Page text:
It’s 8am in a crowded teashop in Myanmar’s Yangon. Porcelain teacups clatter, kiss-kiss noises signal the calling for the bill from a young waiter, and patrons squeeze in between crowds sitting at plastic tables and chairs that overflow onto the footpath. Nearly everyone, both men and women, customers and cooks, are wearing the long skirt known as longyi. As trishaw drivers wheel past sounding their bells, they too wear the longyi – although rolled up to their thighs to fashion makeshift shorts.
While similar clothing is found across Asia – India and Malaysia’s sarongs, for instance – the Burmese tradition of longyi (pronounced ‘long-jee’) is remarkable for its ubiquity, even today. Walk down the streets of Yangon and nine out of 10 people are in a longyi, with a T-shirt or button-down shirt on top – the main exception being teenage boys, many of whom opt for jeans. The longyi’s lasting popularity can be attributed to the country’s recent history: it closed itself off from the world for 50 years, only opening up again in 2012. This isolation has kept traditions intact. There are practical reasons to wear the longyi, too: it works well in the country’s hot weather.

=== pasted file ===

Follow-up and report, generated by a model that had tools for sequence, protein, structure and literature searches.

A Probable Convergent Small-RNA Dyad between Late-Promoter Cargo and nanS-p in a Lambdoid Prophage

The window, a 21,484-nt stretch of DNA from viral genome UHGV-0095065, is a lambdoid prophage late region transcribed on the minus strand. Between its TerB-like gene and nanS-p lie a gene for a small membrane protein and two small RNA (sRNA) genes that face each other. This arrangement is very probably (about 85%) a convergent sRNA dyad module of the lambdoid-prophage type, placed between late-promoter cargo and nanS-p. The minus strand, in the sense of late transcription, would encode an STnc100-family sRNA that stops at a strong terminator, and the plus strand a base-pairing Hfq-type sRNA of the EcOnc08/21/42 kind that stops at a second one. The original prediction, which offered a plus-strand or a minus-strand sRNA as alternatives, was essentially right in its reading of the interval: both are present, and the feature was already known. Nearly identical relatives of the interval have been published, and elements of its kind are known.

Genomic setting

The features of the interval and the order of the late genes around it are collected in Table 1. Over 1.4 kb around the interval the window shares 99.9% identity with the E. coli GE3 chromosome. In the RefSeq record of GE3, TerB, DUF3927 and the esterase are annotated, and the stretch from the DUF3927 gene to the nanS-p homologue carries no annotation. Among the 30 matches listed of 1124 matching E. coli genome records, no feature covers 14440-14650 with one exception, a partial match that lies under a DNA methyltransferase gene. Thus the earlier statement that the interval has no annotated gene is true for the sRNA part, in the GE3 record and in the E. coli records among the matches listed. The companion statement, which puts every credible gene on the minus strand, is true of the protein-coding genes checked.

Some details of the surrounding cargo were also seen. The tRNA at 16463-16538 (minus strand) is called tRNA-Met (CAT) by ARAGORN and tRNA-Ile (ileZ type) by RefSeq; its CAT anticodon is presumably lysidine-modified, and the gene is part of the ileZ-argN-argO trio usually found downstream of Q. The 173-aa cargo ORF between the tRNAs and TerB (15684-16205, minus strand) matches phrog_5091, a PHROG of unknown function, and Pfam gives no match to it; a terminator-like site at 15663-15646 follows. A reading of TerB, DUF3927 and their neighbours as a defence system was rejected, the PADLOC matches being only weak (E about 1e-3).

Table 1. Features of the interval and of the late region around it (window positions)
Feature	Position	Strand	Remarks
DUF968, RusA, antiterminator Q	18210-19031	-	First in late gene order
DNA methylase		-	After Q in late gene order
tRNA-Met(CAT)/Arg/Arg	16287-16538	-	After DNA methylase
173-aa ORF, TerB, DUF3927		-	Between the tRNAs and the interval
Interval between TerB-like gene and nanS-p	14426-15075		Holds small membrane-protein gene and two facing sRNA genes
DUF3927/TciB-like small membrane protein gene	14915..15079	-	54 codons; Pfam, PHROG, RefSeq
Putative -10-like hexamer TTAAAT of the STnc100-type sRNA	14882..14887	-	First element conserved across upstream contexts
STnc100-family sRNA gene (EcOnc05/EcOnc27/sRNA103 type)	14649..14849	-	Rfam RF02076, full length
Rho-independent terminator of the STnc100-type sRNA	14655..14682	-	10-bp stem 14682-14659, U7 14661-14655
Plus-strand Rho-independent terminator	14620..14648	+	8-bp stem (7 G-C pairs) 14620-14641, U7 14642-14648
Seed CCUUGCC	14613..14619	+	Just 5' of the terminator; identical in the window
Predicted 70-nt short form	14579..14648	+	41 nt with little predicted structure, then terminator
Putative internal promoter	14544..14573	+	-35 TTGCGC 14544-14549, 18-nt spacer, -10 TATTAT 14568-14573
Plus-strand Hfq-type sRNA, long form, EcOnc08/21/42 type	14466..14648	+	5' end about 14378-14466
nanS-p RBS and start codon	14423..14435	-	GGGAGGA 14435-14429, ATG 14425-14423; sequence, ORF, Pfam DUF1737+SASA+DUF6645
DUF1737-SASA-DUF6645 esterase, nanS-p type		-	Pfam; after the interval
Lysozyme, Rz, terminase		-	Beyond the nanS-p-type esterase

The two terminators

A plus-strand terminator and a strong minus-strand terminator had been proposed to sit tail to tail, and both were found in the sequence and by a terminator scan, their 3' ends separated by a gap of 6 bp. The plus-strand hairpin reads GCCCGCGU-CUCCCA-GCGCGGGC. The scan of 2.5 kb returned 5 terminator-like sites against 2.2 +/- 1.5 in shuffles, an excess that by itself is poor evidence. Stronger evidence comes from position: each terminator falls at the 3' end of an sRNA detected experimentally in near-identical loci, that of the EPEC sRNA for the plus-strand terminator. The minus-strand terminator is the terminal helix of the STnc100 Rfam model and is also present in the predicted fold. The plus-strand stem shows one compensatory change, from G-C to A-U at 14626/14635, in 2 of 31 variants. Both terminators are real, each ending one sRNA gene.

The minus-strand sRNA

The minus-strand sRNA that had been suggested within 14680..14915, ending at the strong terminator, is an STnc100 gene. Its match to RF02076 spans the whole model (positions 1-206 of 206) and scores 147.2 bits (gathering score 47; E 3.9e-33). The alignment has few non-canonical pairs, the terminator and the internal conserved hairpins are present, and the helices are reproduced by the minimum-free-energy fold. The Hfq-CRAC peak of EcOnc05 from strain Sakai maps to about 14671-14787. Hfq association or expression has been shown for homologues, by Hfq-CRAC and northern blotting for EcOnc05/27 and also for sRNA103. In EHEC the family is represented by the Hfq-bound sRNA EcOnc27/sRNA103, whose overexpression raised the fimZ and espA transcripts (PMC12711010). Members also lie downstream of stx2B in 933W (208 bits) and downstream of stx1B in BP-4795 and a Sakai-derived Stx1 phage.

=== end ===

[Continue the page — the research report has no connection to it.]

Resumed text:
The longyi is usually a piece of brightly coloured, patterned material measuring two metres and sewn end to end to create a cylinder. Men usually wear checked or striped longyis, whereas women choose vibrant pinks, yellows and blues, with contrasting hues for patterns or swirls, which often represent an ethnic group. Women usually pull the fabric tight from behind and fold it around the waist before tucking it into the skirt top at the hip, whereas men usually tie it at the front.
In rural areas, longyi are worn when bathing in the open at a river or a well: one simply unties it at the waist and pulls the fabric up to under the arms to cover oneself. More formal occasions like weddings or ceremonies see women and men wear their finest longyis, often made of silk with gold trimmings or swirls.
Naturally, it’s uncertain whether longyis will fall out of favour amid outside influences, whether it’s Korean pop culture or foreign tourists. And like many traditions, it’s being adapted into modern iterations. Pyone Thet Thet Kyaw, the designer behind clothing brand Virya Couture, is one of a new breed of tailors in Yangon taking traditional longyi fabrics and reshaping them into contemporary-style tops, skirts and dresses. ‘The longyi is never going to die,’ she says. ‘It will survive, just in different evolving forms.’